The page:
Missouri has chubs and minnows, pikes, pickerel, muskellunge and different species of catfish, including bullheads and madtoms. There are also gars, including the alligator gar and the longnose gar. Rainbow and brown trout can be found in lakes, rivers and streams, and the rainbow trout can be found beneath dams.
Missouri has many species of freshwater mollusks, especially freshwater mussels. They include the elktoe and the snuffbox, which are both endangered, the spectaclecase, the white heelsplitter and the paper pondshell, which can be both male and female at the same time. Other mussels are the monkeyface, the wartyback and the pimpleback.
The Asiatic clam, which comes from eastern Asia, has also found its way into the Missouri waters, most likely through the release of ballast water from boats that had gone out to sea.
Zoos in Missouri
People who don’t want to travel to wild spaces or who want to see more exotic beasts can visit Missouri’s many zoos. These zoos include the Kansas City Zoo, the Butterfly House in Clayton, the St. Louis Zoo, the World Bird Sanctuary in Valley Park, the Dakota Zoo in Bismarck and the Lazy L Safari Park in Cape Girardeau.
Wild Animals in Missouri
Along with the wildlife mentioned, Missouri is also home to the badger, a medium-sized, fossorial cousin of the weasel. The northern pike is a fish that usually grows to around 22 inches long but can grow nearly 5 feet in length. It’s an aggressive and territorial fish that will cannibalize its conspecifics if there’s no other food around. It usually eats other, smaller fish, but larger ones will eat meadow jumping mice that wind up in the water.
The broad-headed sharpshooter is a leafhopper that gets its name because it fires a stream of liquid offal at would-be predators to dissuade them. The ovenbird, which breeds in Missouri and winters in Central America and the Caribbean, gets its name for the shape of its nest, which has a side entrance.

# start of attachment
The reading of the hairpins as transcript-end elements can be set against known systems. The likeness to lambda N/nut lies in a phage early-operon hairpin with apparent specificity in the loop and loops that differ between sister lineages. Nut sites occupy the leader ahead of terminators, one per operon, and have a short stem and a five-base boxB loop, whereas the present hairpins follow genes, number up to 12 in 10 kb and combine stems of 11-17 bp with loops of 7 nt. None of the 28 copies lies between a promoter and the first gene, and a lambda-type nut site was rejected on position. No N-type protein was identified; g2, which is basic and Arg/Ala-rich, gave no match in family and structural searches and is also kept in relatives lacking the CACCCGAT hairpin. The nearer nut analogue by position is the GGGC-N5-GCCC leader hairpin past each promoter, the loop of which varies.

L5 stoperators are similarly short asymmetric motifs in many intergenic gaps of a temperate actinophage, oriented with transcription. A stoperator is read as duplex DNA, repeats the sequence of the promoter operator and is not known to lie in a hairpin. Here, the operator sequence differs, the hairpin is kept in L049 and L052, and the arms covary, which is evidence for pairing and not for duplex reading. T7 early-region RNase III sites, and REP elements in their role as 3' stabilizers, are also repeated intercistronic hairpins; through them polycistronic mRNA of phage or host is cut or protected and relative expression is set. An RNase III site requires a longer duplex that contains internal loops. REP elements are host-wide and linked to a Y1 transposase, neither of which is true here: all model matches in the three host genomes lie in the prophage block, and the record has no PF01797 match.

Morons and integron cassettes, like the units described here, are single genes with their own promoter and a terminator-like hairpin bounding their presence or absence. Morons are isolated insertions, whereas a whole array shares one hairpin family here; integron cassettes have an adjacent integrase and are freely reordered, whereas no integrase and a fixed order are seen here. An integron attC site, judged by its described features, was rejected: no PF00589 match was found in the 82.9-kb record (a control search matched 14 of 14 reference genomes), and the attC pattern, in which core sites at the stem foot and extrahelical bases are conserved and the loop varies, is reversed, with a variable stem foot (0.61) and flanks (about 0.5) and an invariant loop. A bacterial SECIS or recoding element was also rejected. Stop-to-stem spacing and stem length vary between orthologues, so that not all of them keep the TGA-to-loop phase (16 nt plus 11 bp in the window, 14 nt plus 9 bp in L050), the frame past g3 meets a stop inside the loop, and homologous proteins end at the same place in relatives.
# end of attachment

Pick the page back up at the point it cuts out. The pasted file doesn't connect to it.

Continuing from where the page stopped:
Often found in cave pools, crayfish are necessary to the health of Missouri’s bodies of water.
The Most Dangerous Animals In Missouri Today
Most truly dangerous animals have been extirpated from Missouri, but there are some to be respectful of. They are:
- Bison – These beasts can be short-tempered during the rut and can attack with little provocation.
- American black bear – These bears should be watched at a safe distance, for some have come at humans. Mother bears are especially protective of cubs.
- White-tailed deer – The timid white-tail deer have been known to cause car wrecks when they try to run across highways or roads. A driver should keep an eye out for them, especially during the fall rut.
- Alligator snapping turtle – This carnivorous turtle, the largest freshwater turtle of North America is not as aggressive as its name suggests. Some people keep the beast as a pet. Yet, it has a bite powerful enough to amputate fingers if it’s provoked.
Endangered Animals In Missouri
- Grotto sculpin – This fish is now only found in Perry County’s Bois Brule drainage and is endangered.
- Pink mucket – The pink mucket is one of the rarest of the freshwater mussels. It is endangered throughout the country and not just in Missouri.
- Ozark hellbender – This strange salamander with its flat head and frilled sides is classified as endangered.
- Pallid sturgeon – The pallid sturgeon is one of the rarest of the sturgeons and is rarely seen in the wild. It is in danger of extinction due to habitat destruction.
More Articles Related to Missouri
- the best national parks and historic sites in Missouri.
- the types of hawks in Missouri.
- the most gorgeous waterfalls in Missouri.
Missourian Animals List
Animals in Missouri FAQs (Frequently Asked Questions)
Does Missouri have dangerous animals?
Missouri has a few dangerous animals, but none of them are exceptionally aggressive.
What animal is Missouri known for?
Missouri is most likely known for the Missouri mule, its state mammal.
What is Missouri's state mammal?
The state mammal is the Missouri mule.
What is the top predator in Missouri?
The top predator in Missouri is probably the bobcat. American black bears are mostly herbivores, but the bobcat is an obligate carnivore. This medium-sized cat has been known to take prey as large as deer.